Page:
Area Forecast Discussion
Issued by NWS Hastings, NE

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FXUS63 KGID 191811

Area Forecast Discussion
National Weather Service Hastings NE
1211 PM CST Thu Jan 19 2017

Issued at 1200 PM CST Thu Jan 19 2017

Visibility has been gradually improving late this morning. A few
isolated locations may continue to see visibilities down to one
quarter of a mile early this afternoon...but the overall trend is
improving visibility and thus the dense fog advisory will be
allowed to expire at noon.

Temperatures will remain very steady today with the low stratus
and fog.

UPDATE Issued at 612 AM CST Thu Jan 19 2017

It`s been tempting to expand the ongoing Dense Fog Advisory east
to include the remainder of the eastern CWA, but based on trends
over the past 30-60 minutes, if anything, even some of the airport
sites in the central/west have come up "slightly" with a lot more
1/2 to 1 mile visibilities than 1/4 or less. So, while have no
intention of cancelling any ongoing Dense Fog Advisory counties at
this time, also have no immediate plans to expand eastward and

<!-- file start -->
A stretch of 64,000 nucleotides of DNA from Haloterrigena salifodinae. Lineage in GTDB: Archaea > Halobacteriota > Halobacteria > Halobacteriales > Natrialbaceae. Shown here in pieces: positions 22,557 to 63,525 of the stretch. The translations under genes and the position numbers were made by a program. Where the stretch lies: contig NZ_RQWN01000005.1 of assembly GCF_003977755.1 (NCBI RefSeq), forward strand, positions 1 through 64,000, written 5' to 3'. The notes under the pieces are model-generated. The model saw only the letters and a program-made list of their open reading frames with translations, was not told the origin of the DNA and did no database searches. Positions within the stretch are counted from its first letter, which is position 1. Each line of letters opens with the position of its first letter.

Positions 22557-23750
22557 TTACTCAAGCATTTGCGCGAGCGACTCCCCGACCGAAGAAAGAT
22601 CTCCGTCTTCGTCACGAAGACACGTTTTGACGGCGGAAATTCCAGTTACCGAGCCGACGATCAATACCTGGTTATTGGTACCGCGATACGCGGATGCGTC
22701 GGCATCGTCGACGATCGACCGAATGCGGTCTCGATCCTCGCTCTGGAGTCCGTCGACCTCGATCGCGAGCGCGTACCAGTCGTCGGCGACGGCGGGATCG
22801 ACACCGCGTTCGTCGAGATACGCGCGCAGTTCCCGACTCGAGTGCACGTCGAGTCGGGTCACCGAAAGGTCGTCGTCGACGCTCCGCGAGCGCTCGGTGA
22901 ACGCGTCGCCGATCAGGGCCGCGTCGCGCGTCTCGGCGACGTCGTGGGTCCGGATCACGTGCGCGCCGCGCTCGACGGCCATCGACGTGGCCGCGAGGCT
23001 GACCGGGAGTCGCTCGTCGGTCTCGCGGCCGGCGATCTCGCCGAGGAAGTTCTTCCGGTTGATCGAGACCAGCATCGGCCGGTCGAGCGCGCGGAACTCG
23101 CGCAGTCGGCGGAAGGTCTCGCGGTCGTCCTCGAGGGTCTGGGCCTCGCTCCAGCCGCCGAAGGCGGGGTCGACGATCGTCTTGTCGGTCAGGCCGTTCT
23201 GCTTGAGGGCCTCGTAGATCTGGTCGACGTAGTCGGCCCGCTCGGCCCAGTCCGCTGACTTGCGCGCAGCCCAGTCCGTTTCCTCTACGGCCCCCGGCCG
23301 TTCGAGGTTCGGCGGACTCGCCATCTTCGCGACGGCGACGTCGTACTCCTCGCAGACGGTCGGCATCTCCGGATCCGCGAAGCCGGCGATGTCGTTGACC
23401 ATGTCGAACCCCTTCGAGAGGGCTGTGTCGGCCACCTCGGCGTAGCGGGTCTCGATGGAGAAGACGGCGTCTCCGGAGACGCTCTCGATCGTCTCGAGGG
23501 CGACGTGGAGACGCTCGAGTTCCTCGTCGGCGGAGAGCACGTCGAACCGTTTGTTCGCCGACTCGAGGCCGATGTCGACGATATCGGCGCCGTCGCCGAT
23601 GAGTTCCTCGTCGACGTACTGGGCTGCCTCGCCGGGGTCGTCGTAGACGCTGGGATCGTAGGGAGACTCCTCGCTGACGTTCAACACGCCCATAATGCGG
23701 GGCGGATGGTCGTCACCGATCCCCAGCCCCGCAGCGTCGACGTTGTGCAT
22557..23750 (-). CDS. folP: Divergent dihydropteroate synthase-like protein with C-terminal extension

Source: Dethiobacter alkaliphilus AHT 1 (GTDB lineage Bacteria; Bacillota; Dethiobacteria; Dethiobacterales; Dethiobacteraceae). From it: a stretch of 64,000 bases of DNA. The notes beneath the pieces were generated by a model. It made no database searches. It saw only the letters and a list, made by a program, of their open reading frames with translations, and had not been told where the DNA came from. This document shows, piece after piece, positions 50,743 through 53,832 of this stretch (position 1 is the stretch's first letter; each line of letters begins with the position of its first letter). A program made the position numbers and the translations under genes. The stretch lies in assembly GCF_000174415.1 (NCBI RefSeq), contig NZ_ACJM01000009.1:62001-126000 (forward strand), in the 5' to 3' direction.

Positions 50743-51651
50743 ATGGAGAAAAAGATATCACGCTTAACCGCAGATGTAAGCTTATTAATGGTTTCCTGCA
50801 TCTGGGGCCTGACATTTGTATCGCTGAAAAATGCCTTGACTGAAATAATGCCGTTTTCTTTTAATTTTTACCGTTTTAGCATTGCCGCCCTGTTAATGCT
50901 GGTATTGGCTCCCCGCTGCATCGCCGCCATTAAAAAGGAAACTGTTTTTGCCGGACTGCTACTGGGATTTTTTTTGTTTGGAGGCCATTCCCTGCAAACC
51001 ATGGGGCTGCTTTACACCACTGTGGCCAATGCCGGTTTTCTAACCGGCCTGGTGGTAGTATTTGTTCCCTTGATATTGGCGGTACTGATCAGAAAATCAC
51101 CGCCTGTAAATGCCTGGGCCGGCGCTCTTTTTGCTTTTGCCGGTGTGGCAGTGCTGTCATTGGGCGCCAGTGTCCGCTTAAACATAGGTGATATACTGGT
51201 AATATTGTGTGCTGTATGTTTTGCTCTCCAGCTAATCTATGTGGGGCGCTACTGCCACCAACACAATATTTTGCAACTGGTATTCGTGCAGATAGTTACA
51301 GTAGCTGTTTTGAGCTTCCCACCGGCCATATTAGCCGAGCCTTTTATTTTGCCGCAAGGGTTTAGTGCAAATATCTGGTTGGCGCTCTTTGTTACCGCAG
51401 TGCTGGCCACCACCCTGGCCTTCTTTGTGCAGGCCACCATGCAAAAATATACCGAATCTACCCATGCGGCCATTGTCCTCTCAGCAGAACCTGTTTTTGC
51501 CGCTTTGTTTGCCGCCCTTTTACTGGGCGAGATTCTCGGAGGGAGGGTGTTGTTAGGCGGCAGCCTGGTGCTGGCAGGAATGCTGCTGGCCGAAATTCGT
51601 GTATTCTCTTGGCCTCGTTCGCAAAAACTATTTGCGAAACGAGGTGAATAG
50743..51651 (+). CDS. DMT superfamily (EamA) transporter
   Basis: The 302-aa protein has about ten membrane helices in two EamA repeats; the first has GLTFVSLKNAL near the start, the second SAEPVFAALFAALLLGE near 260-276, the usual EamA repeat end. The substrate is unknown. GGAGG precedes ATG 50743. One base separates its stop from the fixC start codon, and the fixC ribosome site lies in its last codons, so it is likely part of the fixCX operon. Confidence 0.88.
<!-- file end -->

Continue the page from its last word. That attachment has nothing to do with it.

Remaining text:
will continue handling these eastern counties with an SPS for
"near-advisory" conditions. Of course, if neighboring WFOs to our
east ultimate decide to issue Dense Fog Advisory then this becomes
another factor to consider if/when that occurs.


.SHORT TERM...(Today and tonight)
Issued at 453 AM CST Thu Jan 19 2017

Hopefully folks were able to get out and enjoy the sunshine the
past few days, because we diving headfirst into a very gloomy/gray
and at times foggy and drizzly few days here. Despite this "bad
news", the comparably good news is that temperatures are expected
to remain at least slightly above freezing through these next 24
hours, thus squelching the risk of what would otherwise
undoubtedly be a more dire freezing drizzle/slick roads
situation if were were averaging 10 degrees colder.

Starting with the here and now as of 10z/4AM...kudos to several
short term visibility progs from models such as the SREF/HRRR/RAP
for really nailing the rapid onset of an advection fog event over
the past few hours. When the night began, most of the CWA was
mostly clear and fog-free. However, especially since 2 AM, a
nearly solid wall of low stratus and fog has rapidly expanded
north-northeast across the CWA on light-but-steady moist southerly
breezes. As with most fog events, one often never knows just how
far visibilities will tank given its fickle nature, but in this
case we`ve had enough automated sites drop into the 1/2 to 1/4
mile range along with webcam evidence to justify a Dense Fog